Being the only non-Russian communications system still working in parts of Ukraine, Starlink has a high chance of being “targeted” in Ukraine hit by the Russian invasion, as warned by SpaceX chief Elon Musk.
The Russian cyberattack on the first day of invasion rendered almost all Visat Ukraine user terminals permanently unusable. The warning from the SpaceX chief was issued days after he was warned by an internet security researcher that the devices used for Starlink satellite communications could be deemed alerting by Russia, who could target it for airstrikes.
In response to Elon Musk’s warning, Ukraine Minister of Digital Transformation, Mykhailo Fedorov, replied, “We are going to use them for Ukrainians also after our victory”, noting the word of caution.
Guidelines by the SpaceX chief include:
- To use Starlink with caution
- To turn on Starlink only when needed
- To place antenna away as far away from people as possible
On Monday, Ukraine said it had received the donated Starlink satellite internet terminals.
Elon Musk later tweeted that Starlink has also updated the software to reduce power peak consumption, including enabled mobile roaming.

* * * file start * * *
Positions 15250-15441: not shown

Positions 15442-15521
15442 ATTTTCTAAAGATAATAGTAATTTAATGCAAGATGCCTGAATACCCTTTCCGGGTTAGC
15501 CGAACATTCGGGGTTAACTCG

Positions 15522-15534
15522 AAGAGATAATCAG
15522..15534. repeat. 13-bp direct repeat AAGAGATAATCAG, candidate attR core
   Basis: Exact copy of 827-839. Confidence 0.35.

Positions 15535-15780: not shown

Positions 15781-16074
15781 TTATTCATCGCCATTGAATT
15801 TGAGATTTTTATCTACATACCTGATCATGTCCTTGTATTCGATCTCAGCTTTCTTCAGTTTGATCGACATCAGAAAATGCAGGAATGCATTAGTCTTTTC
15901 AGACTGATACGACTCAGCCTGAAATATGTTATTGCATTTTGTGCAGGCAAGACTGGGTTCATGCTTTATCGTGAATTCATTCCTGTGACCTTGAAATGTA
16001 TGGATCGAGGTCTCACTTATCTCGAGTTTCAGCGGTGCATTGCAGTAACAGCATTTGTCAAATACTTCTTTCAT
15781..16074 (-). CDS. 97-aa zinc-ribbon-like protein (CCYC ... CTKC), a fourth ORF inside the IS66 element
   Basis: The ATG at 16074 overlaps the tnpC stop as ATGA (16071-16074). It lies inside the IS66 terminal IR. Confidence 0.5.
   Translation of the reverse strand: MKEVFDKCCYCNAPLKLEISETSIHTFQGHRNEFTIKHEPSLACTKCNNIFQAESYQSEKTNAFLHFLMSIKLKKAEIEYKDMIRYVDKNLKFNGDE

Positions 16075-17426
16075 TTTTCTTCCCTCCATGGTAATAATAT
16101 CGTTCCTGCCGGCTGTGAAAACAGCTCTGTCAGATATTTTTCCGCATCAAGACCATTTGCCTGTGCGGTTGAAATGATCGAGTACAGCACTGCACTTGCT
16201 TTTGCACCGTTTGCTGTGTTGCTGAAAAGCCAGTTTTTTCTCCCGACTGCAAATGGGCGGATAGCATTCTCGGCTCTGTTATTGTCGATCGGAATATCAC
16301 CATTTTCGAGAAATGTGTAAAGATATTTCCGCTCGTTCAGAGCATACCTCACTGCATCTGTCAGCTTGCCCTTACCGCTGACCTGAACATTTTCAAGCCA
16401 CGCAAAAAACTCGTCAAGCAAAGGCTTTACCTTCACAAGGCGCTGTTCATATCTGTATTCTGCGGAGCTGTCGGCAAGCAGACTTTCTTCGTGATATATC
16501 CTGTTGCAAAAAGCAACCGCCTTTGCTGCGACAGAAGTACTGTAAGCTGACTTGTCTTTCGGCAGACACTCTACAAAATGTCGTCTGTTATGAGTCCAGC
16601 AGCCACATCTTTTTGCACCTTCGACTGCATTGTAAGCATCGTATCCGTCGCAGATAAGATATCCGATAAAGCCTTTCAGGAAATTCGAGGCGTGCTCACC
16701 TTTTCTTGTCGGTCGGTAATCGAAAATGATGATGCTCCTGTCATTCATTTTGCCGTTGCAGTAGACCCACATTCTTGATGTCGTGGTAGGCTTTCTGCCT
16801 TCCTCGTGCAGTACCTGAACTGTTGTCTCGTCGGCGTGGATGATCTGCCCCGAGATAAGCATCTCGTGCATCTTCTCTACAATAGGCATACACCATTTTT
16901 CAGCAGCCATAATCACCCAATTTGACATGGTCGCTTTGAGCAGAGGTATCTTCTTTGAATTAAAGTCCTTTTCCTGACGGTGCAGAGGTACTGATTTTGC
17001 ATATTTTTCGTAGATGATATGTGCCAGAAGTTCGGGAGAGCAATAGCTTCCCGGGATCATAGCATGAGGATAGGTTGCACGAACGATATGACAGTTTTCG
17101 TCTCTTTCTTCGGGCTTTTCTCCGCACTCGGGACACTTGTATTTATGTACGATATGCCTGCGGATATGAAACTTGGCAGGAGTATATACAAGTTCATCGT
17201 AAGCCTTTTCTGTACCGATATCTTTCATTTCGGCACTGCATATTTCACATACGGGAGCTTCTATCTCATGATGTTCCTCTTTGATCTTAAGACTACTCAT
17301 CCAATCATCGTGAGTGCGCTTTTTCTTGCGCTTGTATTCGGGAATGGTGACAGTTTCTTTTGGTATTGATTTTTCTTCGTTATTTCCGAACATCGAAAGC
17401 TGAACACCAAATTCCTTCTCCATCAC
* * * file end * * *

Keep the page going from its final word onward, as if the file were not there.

The Minister had appealed to Elon Musk to provide Starlink terminals for the satellite broadband service as Ukraine’s communication networks and internet services had been hit in the aftermath of Russia’s invasion, and thus Musk arranged the same and replied that more terminals will be reaching Ukraine.
The alert by Musk said that Starlink can come under Russia’s cyberattack, and to avoid visual detection, it has been advised to use light camouflage over the antenna. According to SpaceX’s website, it requires a “clear view of the sky” to maintain a strong connection with the satellites. “Objects that obstruct the connection between your Starlink and the satellite, such as a tree branch, pole, or roof, will cause service interruptions,” the website read.